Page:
Here's why you should use them both (and how to do so).
Okay, so we know combining the two isn't going to be problematic, but will it be beneficial? Again, the short answer is yes. "Given the multitude of benefits of both of these ingredients, and the complimentary nature of these benefits, they're a powerful combination," says Arch. Even though they both target various signs of aging, they have slightly different mechanisms of action, so you're addressing the issue from various angles. Take skin brightening, for example. Combining the two could be helpful because they're working in different ways to achieve this effect, notes Romanowksi. Vitamin C works by inhibiting an enzyme known as tyrosinase, necessary for the production of pigment, while niacinamide is thought to prevent the transfer of pigment within cells.
As far as the exact way to use niacinamide and vitamin C together, you can either look for one product that contains both or layer them separately, though the experts we spoke with agree that layering is preferable. That's simply because vitamin C is a notoriously unstable molecule, easily rendered inactive by exposure to sunlight, oxygen, and even other ingredients. Plus, "generally speaking, vitamin C needs to be used at a low pH in order to be effective, while niacinamide works better at a higher/neutral pH," adds Romanowski. (Its fussy nature is why many vitamin C products skew on the pricier side; it's a tough ingredient to formulate with.) Arch recommends using a stand-alone vitamin C product for all of the aforementioned reasons, though does note that other antioxidants, specifically vitamin E and ferulic acid, can actually enhance the efficacy and even stability of vitamin C. (Case in point: The Skinceuticals C E Ferulic serum beloved by dermatologists and beauty editors everywhere.) Regardless, no matter which vitamin C product you pick, make sure keep it out of the sun and heat, adds Birnbaum.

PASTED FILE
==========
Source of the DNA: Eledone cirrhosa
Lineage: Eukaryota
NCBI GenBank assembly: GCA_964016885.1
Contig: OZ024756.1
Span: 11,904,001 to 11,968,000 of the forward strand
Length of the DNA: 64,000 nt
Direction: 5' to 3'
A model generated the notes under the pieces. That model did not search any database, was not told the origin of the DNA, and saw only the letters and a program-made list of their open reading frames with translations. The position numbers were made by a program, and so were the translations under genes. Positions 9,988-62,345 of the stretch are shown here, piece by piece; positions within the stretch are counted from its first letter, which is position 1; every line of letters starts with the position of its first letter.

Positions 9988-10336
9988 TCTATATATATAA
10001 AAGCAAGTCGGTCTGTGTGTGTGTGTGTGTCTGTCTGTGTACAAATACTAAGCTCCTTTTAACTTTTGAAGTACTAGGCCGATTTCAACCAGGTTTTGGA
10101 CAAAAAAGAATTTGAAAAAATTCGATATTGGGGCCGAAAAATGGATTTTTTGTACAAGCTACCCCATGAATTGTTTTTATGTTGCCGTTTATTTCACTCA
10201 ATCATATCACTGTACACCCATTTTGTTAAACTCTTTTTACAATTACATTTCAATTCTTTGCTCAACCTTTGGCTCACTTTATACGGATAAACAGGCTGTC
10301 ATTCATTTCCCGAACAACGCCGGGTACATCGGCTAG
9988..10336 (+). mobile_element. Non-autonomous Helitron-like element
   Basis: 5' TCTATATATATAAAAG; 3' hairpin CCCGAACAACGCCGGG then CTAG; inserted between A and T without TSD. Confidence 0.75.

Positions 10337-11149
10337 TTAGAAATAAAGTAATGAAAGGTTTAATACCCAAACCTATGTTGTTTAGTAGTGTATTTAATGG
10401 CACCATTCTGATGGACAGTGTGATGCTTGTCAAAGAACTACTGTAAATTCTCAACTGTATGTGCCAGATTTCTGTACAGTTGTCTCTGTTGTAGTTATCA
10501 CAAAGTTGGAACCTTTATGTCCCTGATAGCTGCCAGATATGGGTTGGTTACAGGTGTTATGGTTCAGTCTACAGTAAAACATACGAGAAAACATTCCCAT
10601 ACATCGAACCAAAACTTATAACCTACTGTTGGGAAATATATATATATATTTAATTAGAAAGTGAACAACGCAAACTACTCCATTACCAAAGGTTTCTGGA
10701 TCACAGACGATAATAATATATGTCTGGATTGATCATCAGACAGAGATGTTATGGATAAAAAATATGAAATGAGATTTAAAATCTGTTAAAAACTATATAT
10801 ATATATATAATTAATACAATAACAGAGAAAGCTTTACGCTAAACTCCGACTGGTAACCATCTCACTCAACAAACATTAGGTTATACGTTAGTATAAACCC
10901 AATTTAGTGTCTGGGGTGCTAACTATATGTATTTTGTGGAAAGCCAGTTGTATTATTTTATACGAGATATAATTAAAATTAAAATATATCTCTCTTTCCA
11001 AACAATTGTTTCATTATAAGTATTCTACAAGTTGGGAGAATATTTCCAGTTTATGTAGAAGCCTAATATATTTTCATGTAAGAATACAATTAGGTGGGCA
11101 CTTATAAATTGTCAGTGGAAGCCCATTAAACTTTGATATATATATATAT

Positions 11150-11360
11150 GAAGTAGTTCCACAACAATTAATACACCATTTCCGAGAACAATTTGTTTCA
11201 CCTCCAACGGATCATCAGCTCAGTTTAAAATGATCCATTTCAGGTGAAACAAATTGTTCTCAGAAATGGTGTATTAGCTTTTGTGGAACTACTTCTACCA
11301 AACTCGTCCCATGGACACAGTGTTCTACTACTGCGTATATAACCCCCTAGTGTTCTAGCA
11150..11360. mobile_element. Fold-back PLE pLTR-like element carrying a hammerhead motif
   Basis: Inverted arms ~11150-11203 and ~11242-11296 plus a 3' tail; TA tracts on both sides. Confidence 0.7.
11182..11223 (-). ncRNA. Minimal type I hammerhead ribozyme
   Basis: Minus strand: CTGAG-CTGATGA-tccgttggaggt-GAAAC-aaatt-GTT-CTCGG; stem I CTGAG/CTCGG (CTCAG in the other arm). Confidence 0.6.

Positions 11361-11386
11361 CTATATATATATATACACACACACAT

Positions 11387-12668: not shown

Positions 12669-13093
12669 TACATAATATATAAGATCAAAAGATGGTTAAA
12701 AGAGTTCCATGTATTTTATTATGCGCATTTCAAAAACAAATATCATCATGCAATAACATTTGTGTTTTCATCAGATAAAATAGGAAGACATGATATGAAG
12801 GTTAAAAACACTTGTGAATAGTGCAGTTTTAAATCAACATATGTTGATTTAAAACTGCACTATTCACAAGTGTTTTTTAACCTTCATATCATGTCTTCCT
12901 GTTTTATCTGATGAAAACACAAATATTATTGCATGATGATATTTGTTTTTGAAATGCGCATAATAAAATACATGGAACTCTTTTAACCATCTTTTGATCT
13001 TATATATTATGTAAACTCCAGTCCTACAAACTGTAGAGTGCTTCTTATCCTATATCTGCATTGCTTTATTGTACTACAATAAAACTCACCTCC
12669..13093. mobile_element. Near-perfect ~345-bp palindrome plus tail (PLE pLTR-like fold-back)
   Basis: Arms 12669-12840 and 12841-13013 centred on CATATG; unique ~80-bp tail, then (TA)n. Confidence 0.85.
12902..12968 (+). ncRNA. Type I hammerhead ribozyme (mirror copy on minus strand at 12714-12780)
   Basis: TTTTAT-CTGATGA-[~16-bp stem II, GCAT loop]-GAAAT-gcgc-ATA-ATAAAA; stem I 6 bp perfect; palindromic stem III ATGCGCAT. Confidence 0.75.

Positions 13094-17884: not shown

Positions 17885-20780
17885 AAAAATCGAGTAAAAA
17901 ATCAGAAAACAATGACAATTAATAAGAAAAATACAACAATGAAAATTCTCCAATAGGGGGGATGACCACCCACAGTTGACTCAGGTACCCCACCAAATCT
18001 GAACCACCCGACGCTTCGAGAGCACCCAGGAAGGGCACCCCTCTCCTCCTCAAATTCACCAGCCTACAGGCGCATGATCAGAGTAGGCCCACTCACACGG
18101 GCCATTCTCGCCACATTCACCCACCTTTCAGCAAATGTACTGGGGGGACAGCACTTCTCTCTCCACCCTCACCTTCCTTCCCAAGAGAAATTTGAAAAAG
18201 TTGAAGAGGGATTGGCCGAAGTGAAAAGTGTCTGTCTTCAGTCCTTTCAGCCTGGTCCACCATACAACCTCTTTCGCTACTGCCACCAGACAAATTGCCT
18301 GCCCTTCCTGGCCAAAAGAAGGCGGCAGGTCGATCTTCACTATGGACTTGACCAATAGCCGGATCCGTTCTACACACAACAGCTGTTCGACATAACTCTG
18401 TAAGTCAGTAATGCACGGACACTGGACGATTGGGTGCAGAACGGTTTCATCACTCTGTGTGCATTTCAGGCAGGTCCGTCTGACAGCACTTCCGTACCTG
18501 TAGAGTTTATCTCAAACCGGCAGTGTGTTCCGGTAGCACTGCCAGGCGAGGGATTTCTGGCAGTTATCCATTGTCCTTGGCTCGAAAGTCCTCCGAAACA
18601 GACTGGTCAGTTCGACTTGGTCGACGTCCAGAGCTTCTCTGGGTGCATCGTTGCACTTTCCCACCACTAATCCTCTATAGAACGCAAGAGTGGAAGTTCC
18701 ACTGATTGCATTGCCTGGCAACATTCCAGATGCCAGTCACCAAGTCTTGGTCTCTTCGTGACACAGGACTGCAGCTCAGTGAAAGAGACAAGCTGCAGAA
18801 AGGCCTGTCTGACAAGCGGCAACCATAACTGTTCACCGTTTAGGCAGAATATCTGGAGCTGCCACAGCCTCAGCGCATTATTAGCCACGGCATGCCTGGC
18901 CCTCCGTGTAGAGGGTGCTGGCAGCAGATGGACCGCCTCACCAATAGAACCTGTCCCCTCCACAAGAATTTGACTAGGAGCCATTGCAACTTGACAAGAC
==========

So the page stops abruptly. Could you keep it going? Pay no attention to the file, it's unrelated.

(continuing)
Niacinamide, on the other hand, is much less delicate and finicky than vitamin C, says Arch. You can find it in plenty of serums, moisturizers, masks, and more, at a variety of price points. But when it comes to which ingredient should go on your skin first, it doesn't really matter. Your best bet is to decide based on the formula of the particular products you're using, applying them from thinnest to thickest, advises Arch. In other words, a serum would always go before a moisturizer, and an oil should always be applied last.
TL; DR: Niacinamide and vitamin C are both veritable power players in the skincare world in their own right. And combining them not only isn't a problem, it's actually a great move in your quest for for a brighter complexion.
Hakozaki T, Minwalla L, Zhuang J, et al. The effect of niacinamide on reducing cutaneous pigmentation and suppression of melanosome transfer. Br J Dermatol. 2002;147(1):20-31. doi:10.1046/j.1365-2133.2002.04834.x
Telang PS. Vitamin C in dermatology. Indian Dermatol Online J. 2013;4(2):143-146. doi:10.4103/2229-5178.110593